November 16, 2015 at 10:53PM
2014 How to Train Your Dragon 2
2012 Rise of the Guardians
2011 Puss in Boots
2010 How to Train Your Dragon
Deakins played a large role as a visual consultant for all these films. Check this article out. It talks about how he struck the balance you are talking about.
The reason Deakins has established himself and been so successful is because he has the ability to adapt to so many different forms of cinema and still create a stunning but immersive image.
November 17, 2015 at 12:03PM
Fair enough - but these were not in lien with his stated philosophy. Also, WALL-E was mostly CGI as was How to Train Your Dragon II. The films he refers to when he talks about when he mentions this theory of approach are nothing like this.
@ Mack Yes you are right. But a career of being invisibly adaptive is simply not my idea of dream job, and although I make a lot less $$$ than he does, and am basically unknown to the world outside my clients, I'd rather have my comparatively mega-humble career than one where I have no particular, personal vision going in. Many would disagree with me, or say it's just because I have a big ego, and that is fair enough too.
November 17, 2015 at 2:51PM, Edited November 17, 2:57PM
Maybe you're overcomplicating his approach? The motive behind Deakin's philosophy is story. That's his drive - telling great stories, and doing whatever is necessary to do so properly. Having an approach, style, etc. before each project runs the risk of adapting the story to serve style, vs. adapting style to serve story. Who cares about one's own vision if it's not going to do the story any particular good?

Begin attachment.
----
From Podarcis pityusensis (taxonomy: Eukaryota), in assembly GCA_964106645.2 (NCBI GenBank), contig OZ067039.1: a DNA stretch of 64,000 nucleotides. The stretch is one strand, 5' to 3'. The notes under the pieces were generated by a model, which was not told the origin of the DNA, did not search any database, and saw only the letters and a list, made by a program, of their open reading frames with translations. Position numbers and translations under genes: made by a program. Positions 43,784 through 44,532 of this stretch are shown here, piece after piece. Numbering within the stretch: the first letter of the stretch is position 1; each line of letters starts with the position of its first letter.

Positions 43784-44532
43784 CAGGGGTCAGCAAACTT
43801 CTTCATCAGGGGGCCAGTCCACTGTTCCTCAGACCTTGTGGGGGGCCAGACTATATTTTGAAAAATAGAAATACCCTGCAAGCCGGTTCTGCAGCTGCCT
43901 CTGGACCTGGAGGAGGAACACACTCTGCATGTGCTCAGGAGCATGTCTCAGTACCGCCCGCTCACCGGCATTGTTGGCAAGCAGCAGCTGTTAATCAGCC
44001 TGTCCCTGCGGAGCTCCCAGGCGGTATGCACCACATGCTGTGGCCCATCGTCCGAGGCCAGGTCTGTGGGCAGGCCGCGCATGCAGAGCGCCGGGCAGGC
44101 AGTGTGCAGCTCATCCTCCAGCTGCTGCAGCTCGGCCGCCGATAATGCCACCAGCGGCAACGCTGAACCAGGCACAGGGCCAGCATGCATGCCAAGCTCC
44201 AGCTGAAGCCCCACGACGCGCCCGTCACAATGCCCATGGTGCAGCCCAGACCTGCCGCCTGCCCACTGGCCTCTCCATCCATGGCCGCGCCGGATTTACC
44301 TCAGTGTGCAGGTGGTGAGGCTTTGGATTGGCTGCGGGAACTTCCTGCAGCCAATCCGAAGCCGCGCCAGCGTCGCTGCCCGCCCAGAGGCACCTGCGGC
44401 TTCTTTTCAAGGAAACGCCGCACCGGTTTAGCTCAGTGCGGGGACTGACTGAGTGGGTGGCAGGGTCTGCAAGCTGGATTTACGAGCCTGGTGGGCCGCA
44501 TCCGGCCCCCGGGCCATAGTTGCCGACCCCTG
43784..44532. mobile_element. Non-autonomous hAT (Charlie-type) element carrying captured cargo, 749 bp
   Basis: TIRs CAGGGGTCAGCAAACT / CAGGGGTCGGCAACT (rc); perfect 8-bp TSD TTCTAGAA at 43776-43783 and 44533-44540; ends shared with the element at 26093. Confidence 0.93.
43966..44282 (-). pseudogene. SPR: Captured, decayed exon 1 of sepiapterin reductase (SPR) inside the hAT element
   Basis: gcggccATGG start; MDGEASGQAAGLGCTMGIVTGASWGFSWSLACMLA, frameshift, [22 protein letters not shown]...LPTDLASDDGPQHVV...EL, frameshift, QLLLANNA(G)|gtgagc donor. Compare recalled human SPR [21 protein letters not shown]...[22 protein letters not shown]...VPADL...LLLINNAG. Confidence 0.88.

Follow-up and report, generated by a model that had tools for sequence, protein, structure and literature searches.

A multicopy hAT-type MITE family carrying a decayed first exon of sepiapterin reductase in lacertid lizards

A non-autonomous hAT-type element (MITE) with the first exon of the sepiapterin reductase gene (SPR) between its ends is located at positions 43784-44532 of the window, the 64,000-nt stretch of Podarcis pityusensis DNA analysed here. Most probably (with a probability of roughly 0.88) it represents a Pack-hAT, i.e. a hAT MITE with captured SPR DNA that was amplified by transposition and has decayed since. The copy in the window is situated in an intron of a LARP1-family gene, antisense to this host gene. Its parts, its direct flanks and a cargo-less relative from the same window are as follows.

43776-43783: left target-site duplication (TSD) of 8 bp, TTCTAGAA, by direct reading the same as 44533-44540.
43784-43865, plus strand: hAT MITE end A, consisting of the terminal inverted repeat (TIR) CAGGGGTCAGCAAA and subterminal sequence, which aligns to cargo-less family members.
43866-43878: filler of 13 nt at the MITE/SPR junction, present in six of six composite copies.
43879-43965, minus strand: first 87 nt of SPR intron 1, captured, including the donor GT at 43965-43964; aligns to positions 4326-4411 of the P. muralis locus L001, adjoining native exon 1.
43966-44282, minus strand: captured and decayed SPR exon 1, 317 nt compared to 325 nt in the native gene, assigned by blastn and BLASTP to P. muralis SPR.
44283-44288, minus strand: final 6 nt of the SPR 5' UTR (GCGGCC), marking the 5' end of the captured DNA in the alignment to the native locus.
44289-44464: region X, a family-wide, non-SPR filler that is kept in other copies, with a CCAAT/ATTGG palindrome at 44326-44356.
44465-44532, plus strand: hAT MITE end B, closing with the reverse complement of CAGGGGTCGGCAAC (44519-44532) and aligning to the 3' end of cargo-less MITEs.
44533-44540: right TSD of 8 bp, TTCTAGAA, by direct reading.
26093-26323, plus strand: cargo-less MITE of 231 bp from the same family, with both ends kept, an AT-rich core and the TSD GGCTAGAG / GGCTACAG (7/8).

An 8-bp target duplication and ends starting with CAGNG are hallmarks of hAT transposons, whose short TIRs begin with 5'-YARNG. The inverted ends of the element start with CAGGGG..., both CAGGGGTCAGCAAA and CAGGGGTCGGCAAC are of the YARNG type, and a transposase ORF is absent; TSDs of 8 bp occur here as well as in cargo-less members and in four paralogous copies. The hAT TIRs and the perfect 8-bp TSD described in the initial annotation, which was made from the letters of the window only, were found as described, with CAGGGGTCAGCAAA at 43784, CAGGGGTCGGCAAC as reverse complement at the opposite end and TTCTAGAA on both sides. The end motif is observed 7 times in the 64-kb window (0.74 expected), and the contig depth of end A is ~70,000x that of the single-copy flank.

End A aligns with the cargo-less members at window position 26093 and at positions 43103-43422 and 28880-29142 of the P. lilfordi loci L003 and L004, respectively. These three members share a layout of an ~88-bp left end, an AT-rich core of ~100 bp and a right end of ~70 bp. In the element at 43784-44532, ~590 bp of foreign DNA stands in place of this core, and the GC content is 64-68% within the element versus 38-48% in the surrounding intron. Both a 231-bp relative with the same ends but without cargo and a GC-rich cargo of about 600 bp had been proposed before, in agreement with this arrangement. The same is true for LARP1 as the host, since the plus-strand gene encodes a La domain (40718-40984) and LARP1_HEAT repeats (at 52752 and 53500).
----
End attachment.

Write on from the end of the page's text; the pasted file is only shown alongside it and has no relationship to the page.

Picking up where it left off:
November 18, 2015 at 6:34AM
I think you hit the nail on the head Steven. Style can only be justified and should always be dictated by story. Your job as a DP is to help mould the Director's vision into something that supports the story without your visuals subtracting from the overall immersion of the piece.
Robert I would implore you to maybe look into Deakins' process. I think you will find that he always has a personal vision going into the film e.g. going back to 35mm on "Hail, Caesar!" for aesthetic reasons as well as the nostalgic feel he wanted to bring to the film.
I think each cinematographer inherently has their own style but what sets successful cinematographers apart is who has the ability to adapt to each individual piece of work while still creating something with substance that accompanies the film instead of drowning it.
November 18, 2015 at 12:44PM, Edited November 18, 12:44PM